Main Article Content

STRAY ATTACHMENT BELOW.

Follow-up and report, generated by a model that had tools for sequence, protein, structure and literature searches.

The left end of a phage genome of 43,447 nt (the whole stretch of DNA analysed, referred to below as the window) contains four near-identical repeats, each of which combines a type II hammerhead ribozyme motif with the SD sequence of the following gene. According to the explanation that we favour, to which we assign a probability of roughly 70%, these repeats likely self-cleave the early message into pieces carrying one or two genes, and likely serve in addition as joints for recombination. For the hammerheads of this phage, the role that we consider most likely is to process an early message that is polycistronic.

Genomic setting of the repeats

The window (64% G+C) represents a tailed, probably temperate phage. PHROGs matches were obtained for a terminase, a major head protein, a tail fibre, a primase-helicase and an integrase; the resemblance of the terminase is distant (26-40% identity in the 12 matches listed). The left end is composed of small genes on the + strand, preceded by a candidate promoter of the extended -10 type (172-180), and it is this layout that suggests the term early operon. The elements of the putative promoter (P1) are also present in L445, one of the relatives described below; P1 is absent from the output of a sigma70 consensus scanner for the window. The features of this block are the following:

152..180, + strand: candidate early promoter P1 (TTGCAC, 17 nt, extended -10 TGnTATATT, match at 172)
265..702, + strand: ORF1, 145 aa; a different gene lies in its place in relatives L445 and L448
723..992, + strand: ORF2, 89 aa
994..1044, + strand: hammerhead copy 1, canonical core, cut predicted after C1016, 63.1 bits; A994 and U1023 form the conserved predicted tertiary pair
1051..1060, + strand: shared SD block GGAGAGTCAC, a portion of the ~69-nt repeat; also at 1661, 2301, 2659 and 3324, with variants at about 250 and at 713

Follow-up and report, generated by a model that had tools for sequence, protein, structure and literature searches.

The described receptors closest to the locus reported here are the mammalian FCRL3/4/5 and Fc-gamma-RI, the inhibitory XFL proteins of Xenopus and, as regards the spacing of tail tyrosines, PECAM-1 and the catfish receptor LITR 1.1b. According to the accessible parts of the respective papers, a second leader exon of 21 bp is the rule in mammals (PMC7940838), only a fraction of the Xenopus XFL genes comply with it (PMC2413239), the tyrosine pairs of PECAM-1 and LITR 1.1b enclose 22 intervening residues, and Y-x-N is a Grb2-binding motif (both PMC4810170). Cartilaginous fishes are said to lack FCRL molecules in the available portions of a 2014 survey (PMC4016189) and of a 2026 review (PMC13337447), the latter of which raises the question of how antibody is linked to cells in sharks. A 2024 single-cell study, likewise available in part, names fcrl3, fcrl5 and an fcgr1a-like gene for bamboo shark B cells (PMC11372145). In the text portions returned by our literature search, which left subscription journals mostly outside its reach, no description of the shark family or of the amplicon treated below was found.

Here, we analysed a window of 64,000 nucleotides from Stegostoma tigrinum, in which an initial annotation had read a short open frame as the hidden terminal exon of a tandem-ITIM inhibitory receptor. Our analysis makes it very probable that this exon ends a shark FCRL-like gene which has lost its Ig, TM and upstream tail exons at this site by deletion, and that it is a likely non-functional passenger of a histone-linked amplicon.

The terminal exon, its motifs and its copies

Information on social comparison is one of the major factors used to evaluate academic achievement. The presence of Big-Fish-Little-Pond (BFLP) and Basking-In-Reflected-Glory (BIRG) effects of academic achievement on the self-concept have been extensively researched in various observational studies. Recent research suggests that these effects can also be transferred to motivational variables such as task interest. This paper uses an experimental paradigm to take a closer look at the mechanisms expected to be behind BFLP and BIRG effects: contrast and assimilation effects of task performance. The analyses are based on N = 129 primary education students who completed a computer-based learning task. During this task, participants received social comparative feedback that was experimentally manipulated based on 2x2 conditions: social position (high vs. low) and peer performance (high vs. low). Task interest was measured both before the start of the learning task and after it was finished. Results indicate a positive influence of high social position and high peer performance on the development of task interest from pre- to post-test compared to the low social position and peer performance conditions. Further, the hypothesized positive association between self-concept, task interest and performance in the academic learning task could also be shown.
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